According to one man who has close ties to the family, Drisdel was physically abused by his mother. "He told me a few years ago that she beat him with ironing cords," says the source, who spoke on condition that he not be named.
Janene Drisdel says her husband mentioned the beatings. "I'd heard that before," she says. "But I didn't grow up in that household, so I don't know what went on there. I think it was discipline, that's all that was."
Derrick Drisdel says his younger brother was sexually molested by a male relative (not his father) but declines to provide details.
"He mentioned some things," confirms Janene, who likewise will not elaborate.
On the advice of his attorney, Drisdel would not comment on the topic of abuse.
Drisdel went to high school in Joliet, Illinois, where he says he was a precocious student. "I carried a gym bag," he says. "Where everyone else had gym clothes, mine was full of books."
After high school he embarked upon what he describes as his "starving artist" phase. He took up music, learning to play keyboard. "I was finding myself. Going to rock concerts, thinking I was going to be a rock star. I was trying to get in," Drisdel recounts. "My motive was to try to rub elbows to get there."
His taste ran from funksters like James Brown to punks like the Sex Pistols, his look featured a mohawk and foot-long fishing lures that doubled as earrings. His musical travels took him to Decatur, where he met future bandmate and friend Dan Comiskey.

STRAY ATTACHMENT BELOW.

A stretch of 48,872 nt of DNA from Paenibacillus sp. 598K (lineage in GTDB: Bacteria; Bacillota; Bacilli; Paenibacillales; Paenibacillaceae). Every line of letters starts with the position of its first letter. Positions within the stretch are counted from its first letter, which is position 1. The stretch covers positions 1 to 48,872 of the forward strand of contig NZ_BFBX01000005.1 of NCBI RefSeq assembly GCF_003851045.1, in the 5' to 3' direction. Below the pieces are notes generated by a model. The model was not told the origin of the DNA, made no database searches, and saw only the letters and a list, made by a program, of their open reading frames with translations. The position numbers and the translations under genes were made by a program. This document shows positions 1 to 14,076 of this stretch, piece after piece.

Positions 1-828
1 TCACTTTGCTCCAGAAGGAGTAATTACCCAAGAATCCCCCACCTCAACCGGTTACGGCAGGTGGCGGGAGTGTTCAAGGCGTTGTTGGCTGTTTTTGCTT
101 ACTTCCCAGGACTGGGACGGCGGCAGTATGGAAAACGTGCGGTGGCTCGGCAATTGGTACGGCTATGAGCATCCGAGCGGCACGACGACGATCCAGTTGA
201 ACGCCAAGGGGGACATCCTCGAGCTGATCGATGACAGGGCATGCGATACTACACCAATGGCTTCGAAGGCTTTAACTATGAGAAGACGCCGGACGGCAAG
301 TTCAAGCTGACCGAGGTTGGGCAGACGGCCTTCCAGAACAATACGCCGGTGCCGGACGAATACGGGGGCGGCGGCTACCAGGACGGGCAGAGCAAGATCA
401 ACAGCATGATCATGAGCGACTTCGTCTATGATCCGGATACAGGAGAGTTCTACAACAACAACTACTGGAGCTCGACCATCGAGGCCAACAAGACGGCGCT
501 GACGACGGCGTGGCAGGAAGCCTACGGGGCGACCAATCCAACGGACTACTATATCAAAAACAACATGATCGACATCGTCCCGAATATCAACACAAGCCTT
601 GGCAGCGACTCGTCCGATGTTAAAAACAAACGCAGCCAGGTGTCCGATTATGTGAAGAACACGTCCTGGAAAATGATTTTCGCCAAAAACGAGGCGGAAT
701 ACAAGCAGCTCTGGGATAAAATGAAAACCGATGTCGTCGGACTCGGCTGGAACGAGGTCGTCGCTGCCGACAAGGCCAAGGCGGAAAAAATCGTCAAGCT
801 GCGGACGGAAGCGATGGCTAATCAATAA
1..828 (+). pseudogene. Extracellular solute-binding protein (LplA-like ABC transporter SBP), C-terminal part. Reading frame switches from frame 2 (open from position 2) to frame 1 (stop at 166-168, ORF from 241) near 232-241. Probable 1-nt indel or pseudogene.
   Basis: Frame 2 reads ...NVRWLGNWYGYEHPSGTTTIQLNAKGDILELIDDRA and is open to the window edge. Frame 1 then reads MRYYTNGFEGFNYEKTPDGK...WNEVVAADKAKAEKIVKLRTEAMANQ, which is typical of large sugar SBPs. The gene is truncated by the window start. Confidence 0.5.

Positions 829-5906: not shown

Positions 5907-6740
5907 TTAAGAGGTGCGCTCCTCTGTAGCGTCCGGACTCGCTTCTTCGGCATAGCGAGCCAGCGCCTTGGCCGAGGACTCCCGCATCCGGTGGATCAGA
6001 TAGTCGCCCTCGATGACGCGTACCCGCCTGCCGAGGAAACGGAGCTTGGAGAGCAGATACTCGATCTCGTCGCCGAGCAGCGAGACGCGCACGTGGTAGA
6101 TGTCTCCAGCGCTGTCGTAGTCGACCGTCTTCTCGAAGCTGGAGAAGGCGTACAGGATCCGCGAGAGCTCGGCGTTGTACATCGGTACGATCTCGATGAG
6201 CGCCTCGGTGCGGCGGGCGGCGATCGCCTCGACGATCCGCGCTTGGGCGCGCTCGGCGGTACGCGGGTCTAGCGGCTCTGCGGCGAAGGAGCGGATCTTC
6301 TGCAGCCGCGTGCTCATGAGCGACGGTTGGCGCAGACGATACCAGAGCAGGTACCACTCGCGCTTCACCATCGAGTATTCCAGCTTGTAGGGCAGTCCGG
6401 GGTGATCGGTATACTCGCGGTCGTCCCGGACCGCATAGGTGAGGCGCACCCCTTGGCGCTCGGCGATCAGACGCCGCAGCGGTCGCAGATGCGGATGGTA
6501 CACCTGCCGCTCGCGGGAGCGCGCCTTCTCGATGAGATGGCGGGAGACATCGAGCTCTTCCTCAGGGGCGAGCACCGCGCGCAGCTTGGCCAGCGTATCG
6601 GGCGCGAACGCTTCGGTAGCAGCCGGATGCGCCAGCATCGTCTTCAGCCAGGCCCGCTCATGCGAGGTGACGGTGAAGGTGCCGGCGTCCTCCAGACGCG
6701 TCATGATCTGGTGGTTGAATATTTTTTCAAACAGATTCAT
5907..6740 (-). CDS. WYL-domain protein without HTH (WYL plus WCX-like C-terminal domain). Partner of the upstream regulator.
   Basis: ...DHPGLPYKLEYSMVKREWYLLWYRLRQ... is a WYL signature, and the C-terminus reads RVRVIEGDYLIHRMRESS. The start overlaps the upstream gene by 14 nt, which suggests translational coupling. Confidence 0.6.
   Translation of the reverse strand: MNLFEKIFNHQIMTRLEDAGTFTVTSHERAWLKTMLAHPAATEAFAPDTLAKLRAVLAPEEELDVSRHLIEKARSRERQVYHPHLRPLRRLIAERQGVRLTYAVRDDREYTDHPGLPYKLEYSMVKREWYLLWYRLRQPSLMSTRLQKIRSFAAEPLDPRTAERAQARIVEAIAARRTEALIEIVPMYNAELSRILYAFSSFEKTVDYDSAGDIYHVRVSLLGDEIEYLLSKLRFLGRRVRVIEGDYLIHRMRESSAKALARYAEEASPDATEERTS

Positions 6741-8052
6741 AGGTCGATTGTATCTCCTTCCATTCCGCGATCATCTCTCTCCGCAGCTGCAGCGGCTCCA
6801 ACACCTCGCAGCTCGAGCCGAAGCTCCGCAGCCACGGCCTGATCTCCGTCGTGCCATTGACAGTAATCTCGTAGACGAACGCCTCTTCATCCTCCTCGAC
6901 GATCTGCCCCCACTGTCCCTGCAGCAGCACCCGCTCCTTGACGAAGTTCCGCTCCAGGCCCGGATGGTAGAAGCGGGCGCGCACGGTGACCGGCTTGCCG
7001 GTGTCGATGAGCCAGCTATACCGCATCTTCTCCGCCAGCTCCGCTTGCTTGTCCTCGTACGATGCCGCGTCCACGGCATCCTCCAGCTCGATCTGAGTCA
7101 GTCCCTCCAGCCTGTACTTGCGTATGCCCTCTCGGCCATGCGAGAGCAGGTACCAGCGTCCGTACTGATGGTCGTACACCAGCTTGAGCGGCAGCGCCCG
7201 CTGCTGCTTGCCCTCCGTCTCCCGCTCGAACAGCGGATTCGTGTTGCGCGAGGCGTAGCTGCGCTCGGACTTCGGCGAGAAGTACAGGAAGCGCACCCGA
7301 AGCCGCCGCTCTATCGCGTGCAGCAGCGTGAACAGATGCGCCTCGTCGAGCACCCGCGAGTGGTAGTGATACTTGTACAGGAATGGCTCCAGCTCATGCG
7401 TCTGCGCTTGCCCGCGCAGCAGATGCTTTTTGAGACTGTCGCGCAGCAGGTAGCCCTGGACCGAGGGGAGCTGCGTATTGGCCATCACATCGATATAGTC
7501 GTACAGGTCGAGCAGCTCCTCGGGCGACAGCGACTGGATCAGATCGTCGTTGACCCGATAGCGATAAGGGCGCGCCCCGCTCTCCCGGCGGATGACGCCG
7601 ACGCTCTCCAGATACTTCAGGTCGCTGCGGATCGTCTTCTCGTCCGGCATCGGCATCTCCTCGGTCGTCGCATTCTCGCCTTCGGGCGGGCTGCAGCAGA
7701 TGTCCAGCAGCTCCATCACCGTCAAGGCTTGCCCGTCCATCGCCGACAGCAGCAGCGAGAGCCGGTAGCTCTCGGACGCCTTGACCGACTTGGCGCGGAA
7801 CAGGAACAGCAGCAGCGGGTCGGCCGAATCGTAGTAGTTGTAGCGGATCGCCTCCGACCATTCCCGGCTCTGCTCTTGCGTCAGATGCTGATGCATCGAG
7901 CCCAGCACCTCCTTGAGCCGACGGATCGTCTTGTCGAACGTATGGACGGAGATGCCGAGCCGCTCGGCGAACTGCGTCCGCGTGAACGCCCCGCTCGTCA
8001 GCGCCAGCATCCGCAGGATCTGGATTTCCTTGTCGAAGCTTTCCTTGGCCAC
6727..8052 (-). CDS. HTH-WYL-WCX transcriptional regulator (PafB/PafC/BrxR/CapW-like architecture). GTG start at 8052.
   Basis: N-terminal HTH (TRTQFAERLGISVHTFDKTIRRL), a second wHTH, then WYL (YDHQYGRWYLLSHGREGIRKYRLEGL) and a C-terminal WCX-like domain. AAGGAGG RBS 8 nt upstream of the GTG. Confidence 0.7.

"I thought it was cool because he was black and he liked more progressive [music] -- not fuckin' rap," recalls the long-haired Comiskey, who still lives in Decatur. They formed a band, Kindergarten.
As roommates the pair threw parties, hosting local high school kids and students from nearby Milliken University. The beer flowed freely, and Drisdel was a charmer. (Comiskey: "He always had more [girlfriends] than me.") When they weren't having parties, they might just kick back, smoke pot and talk politics. Still, Comiskey feels compelled to add, he sometimes felt he didn't really know his best friend. "There's been an aura of mystery around him," he says. "Even having a room across the hall from his. I can't put my finger on it."
Drisdel spent a year and a half studying communications at Richland Community College in Decatur. (A representative from the school's admissions and records department could only verify that the fall of 1978 was his last semester at the school.) He tried his hand at preaching, then moved to Washington, D.C., and got a job answering phones for a company that handled public relations for Philip Morris, dealing with customers who had complaints about cigarettes. He says he also worked for R.J. Reynolds Tobacco Company and Kraft Foods, also in D.C.
But he missed his family. Returning to St. Louis in the late 1980s, Drisdel took a warehouse job at National Supermarkets (since swallowed by Schnucks) and promptly took a spill, breaking his back. That led to surgery, and painkillers. Today Drisdel says it was a turning point in his life.